At the grassroots level, District Cooperative Unions (DCUs) support primary cooperatives by facilitating policies and programs. State Cooperative Unions/Federations (SCUs/SCFs) coordinate DCUs, collaborate with the RCS Office and State Government, and provide member education and training. Nationwide, the National Cooperative Union of India (NCUI), as the apex organization, represents all cooperatives, including SCUs/SCFs and sectoral federations. It works with the Ministry of Cooperation to implement policies and programs, conducts research, and promotes the cooperative movement across India, ensuring cohesive development.

Cooperative Education and Training (CET)

Cooperative training programs focus on educating members, leaders, and managers on cooperative principles, governance, financial management, and business development. These programs aim to enhance the competence of cooperative personnel, enabling them to manage operations efficiently and effectively.

Various institutions, including the Vaikunth Mehta National Institute of Cooperative Management (VAMNICOM), an apex training institution, National Centre for Cooperative Education (NCCE) at NCUI, the National Council for Cooperative Training (NCCT) with 19 institutions across the country, the Laxmanrao Inamdar National Academy for Cooperative Research and Development (LINAC) under NCDC, the Bankers’ Institute of Rural Development (BIRD) under NABARD, the National Dairy Development Board (NDDB), and the College of Agricultural Banking (CAB) under RBI, possess the necessary infrastructure to provide comprehensive training and education for cooperative personnel. Furthermore, Training Centers (such as117 Junior Cooperative Training Centers, JCTCs) affiliated to State Cooperative Unions (SCUs) and State Governments, as well as State and District Central Cooperative Banks also have dedicated training and educational facilities to deliver cooperative training and education to their respective stakeholders. However, more efforts are required to strengthen these institutions in terms of physical and digital infrastructure and by engaging (cooperative) sector-specific faculty and professionals.

Business Development Services: Collaboration and Convergence with Technical Institutions

CET institutions are primarily engaged in member education, leadership development and employee training. However, there is need to collaborate with sectoral institutions such as the Indian Council of Agricultural Research (ICAR), State Agricultural Universities (SAUs), and Krishi Vigyan Kendras (KVKs) to provide technology backstopping and business facilitation. Similarly, partnerships with technical institutions – National Institute of Fashion Technology (NIFT), Indian Institute of Technology, The International Renewable Energy Agency, and The Energy & Resource Institute – are required to promote innovative cooperative start-ups in new and emerging sectors. These collaborations can expand the impact of cooperatives across industries. The NCUI’s two first-of-its-kind platforms, CEAS-Learning Management System (LMS) Portal and NCUI Haat – e-Commerce Portal, offer online learning to members and the public and provide a marketing platform for cooperatives, bridging information and knowledge gaps.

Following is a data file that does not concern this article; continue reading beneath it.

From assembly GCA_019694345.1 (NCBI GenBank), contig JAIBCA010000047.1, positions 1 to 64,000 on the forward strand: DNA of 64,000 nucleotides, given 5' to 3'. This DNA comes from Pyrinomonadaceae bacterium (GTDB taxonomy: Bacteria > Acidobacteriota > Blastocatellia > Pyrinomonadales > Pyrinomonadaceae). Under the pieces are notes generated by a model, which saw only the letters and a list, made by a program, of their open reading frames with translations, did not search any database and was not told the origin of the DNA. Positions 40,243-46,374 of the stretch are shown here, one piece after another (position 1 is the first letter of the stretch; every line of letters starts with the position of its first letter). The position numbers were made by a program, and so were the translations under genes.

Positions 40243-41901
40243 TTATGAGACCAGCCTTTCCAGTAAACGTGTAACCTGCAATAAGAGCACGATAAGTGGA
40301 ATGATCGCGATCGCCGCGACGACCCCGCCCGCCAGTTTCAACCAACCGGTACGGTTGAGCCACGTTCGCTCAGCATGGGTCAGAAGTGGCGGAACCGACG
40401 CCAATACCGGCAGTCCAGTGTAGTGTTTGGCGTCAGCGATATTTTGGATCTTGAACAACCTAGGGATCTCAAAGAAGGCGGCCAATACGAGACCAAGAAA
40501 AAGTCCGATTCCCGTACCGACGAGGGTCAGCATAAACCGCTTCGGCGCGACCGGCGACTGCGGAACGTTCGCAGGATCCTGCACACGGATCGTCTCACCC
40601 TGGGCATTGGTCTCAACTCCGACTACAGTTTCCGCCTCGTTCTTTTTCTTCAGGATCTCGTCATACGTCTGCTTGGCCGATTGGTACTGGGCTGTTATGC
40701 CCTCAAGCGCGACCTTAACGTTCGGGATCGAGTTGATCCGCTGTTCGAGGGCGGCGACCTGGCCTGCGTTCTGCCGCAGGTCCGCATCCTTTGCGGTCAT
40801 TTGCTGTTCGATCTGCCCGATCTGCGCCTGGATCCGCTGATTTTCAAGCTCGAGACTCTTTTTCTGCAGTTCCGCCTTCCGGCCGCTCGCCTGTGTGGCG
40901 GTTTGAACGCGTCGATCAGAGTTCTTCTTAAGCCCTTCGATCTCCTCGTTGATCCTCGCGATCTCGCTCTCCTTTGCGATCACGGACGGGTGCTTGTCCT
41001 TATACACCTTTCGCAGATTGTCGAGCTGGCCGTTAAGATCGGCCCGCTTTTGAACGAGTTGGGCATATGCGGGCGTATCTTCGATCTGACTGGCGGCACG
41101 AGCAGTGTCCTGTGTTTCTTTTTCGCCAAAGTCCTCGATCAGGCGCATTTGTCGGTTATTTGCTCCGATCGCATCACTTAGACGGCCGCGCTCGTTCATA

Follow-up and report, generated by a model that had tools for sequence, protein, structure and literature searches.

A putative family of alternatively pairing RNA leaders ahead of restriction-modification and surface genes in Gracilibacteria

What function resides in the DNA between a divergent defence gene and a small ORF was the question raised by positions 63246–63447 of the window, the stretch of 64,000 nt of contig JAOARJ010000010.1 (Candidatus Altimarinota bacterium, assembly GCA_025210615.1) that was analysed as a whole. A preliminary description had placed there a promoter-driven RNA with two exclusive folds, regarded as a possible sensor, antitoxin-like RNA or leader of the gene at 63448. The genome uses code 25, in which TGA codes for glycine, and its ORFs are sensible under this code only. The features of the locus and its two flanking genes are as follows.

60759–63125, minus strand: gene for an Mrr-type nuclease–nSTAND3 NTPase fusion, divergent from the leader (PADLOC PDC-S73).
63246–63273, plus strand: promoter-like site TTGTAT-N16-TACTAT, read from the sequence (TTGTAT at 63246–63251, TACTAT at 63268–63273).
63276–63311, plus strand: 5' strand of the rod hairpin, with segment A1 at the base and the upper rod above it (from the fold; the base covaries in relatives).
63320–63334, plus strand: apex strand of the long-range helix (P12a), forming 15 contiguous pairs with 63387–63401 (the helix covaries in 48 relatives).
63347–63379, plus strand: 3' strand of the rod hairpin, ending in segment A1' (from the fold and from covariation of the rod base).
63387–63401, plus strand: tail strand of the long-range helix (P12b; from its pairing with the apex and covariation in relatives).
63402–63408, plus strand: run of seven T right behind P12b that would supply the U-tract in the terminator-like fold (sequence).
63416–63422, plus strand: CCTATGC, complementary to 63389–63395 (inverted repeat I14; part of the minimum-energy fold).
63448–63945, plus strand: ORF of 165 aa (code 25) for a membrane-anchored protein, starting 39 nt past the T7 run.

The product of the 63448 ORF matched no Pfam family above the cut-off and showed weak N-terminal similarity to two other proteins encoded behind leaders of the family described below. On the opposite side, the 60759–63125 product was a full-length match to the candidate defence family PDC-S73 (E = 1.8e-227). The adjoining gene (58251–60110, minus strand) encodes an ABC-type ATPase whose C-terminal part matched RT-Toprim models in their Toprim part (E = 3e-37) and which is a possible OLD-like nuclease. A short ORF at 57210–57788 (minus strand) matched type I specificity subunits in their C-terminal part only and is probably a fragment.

NCUI Coop Fair – Annual Event for Promotion of Cooperative Products and Services


As the cooperative movement evolves, several emerging trends and future prospects are poised to shape the CEAS landscape. One significant trend is the increasing demand for sector-specific professionals within the cooperative movement. These professionals can offer tailored support and guidance to cooperatives by addressing sector-specific challenges and capitalising on emerging opportunities. Additionally, the complexity of regulatory frameworks governing cooperatives underscores the need for cooperative law specialists. These experts play a crucial role in ensuring legal compliance, navigating regulatory challenges, and safeguarding the sustainability of cooperative ventures. Moreover, there is a need to strengthen Union and State departments of cooperation as well. Despite the significant role played by cooperatives in socio-economic development, vacancies in key positions within the department often remain unfilled. To address this issue, concerted efforts are needed to attract and retain skilled professionals who are passionate about cooperative principles and committed to driving the sector forward.